Tennent to Fortescue (Parliamentary Under-Secretary)
Office of Committee of Privy Council for Trade
Whitehall
12 July 1859
I am directed by the Lords of the Committee of Privy Council for Trade to acknowledge the receipt of your letter of the 28th June transmitting with reference to previous correspondence for their consideration a copy of a despatch from the Governor of Vancouvers Island reporting on a proposal to declare the Port of Victoria a free Port.
It appears from this despatch thatManuscript imagethat the Port of Victoria including Esquimault Harbour has been always maintained on the footing of a free Port, inasmuch as no duties on Imports or Exports have been levied; it is open to the trade of all Nations, and vessels are not subject to any charges except a small entrance and clearance fee, on their arrival and departure from Port.
It further appears that no duties on Imports have up to the present time been levied at any other Port of Vancouver's Island and that this system of free imports into the Colony is theManuscript imagethe result of a policy having for its object to encourage trade and render Victoria an entrepot for the North West Coast of America.
My Lords are desirous to express their concurrence in this policy—but they think at the same time that it is important with a view to the attainment of the object aimed at that the Governor of Vancouvers Island should be advised to issue a Proclamation declaring Victoria a free Port of Entry and clearance for Ships and Goods.
I am directed however to request that you will call the attention of the DukeManuscript imageDuke of Newcastle to the possibility that at some future time it may become either expedient or necessary to impose Customs Duties for the purpose of Revenue in the Colony of Vancouvers Island and therefore that in issuing such a proclamation, it should be done in such a manner as not by implication to preclude the adoption of such duties hereafter should they be deemed necessary.
If however this necessity should hereafter arise I am to state that it appears to My Lords that the important object of commanding a re-exportManuscript imagere-export trade to neighbouring places may be secured by the establishment of a well regulated bonding system.
With reference to the remarks of Governor Douglas upon the commercial dependence of the British Possessions on the North West Coast of America upon the Californian Ports, I am to observe that it is assumed that all the Goods imported into those possessions from such Ports, are burdened with Customs Duties charged on articles imported for consumption in California by the general Tariff of the United States.
This assumption implies that theManuscript imagethe bonding system does not exist in the Californian Ports a fact (if this be so) of which My Lords were not aware, but with regard to which they think it very desirable that enquiry should be made through the Foreign Office from the British Consuls at the Ports in question.
I have etc.
J. Emerson Tennent
Minutes by CO staff
Manuscript image
Mr Merivale
The mode in which Victoria came to be a Free Port is explained in a Letter which, as we could find nothing on the subject in our correspondence, Mr Berens has been so good as to write to me. I annex it, having shewn it privately, at the Bd of Trade.
You will not fail to notice that whilst Victoria is a free port Manuscript imageand will thereby draw to itself in time considerable trade from the States, S. America, Australia, China, Japan & the Islands in the Archipelago, New Westminster—the Capital of B. Columbia—is not a Free Port. Victoria may therefore become an entrepôt for the main land, as Hong Kong is for our trade with China; Singapore for other places in the East; and St Thomas, for the Danes in the W. Indies, and may end by having a great trade. I scarcely suppose that except for its harbors, & Coal it will otherwise have materials of internal wealth. B. Columbia on the other hand will derive it's wealth from it's gold, its rich lands, it's forests of valuable timber, & resources hitherto undeveloped. At present a free port in B. Columbia is not demanded, &, as we want A Custom's revenue there, would not be convenient to establish. But, if the two Colonies should be separated, in practice, it may then be a question whether a free port on the main land may not be demanded. This, however, is a matter of remoter consideration & I presume that for the present Manuscript imageall that is required to be done is to send a copy of this Letter to the Governor of VanC. Isd & to write to the For: Office for the information as to bonding in the Californian ports.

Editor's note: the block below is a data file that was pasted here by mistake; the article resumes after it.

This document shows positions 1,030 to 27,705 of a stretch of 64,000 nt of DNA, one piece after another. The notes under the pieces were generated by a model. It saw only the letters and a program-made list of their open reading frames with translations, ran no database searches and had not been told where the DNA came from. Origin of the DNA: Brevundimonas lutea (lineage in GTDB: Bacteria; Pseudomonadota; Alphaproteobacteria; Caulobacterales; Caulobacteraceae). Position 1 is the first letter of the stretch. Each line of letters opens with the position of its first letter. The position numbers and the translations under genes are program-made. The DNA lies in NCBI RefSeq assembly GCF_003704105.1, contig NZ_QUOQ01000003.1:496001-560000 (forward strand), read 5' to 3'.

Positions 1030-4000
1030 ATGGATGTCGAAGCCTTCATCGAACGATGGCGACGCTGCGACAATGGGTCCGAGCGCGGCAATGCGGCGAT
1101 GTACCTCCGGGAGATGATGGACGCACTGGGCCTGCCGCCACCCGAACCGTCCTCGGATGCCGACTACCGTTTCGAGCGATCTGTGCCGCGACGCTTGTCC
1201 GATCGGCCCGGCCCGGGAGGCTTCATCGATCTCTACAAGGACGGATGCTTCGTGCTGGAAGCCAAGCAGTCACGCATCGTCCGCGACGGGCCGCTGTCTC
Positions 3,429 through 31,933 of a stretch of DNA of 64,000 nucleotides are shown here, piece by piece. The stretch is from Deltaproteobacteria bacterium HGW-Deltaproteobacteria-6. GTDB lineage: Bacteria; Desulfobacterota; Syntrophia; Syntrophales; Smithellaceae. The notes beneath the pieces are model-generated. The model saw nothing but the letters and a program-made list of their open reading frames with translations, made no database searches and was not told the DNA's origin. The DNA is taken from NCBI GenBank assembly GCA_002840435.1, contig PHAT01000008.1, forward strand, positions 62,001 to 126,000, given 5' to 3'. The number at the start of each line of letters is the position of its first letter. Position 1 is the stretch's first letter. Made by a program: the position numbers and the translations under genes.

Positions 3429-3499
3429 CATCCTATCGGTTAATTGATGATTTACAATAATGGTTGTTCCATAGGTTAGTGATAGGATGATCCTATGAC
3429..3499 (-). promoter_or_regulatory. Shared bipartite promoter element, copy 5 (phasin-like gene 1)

ABd 13 July
Mr Fortescue
It was no doubt a very longheaded proceeding to make Victoria a free port, particularly for those servants of the HBC & others who invested in "town lots" there—the chief practical inconvenience now would seem to be, that it may interpose obstacles in the way of the union of the two colonies, which is for some reasons much to be desired. Proceed as suggested?
HM July 14
CF 15
N 17
Other documents included in the file
Manuscript image
Draft, Merivale to E. Hammond, Foreign Office, 24 July 1859, asking that inquiries be made to ascertain whether the bonding system exists in California.
H.H. Berens, Governor, Hudson's Bay Company, to Blackwood, 8 July 1859, explaining how Victoria came to be a free port. [Note: This letter was misfiled and appears in CO 305/13, p. 110].
Tennent, James Emerson to Fortescue, Chichester 12 July 1859, CO 305:12, no. 7034, 82. The Colonial Despatches of Vancouver Island and British Columbia 1846-1871, Edition 2.2, ed. James Hendrickson and the Colonial Despatches project. Victoria, B.C.: University of Victoria. https://bcgenesis.uvic.ca/V595TA02.html.

Last modified: 2020-12-02 13:40:34 -0800 (Wed, 02 Dec 2020) (SVN revision: 5008)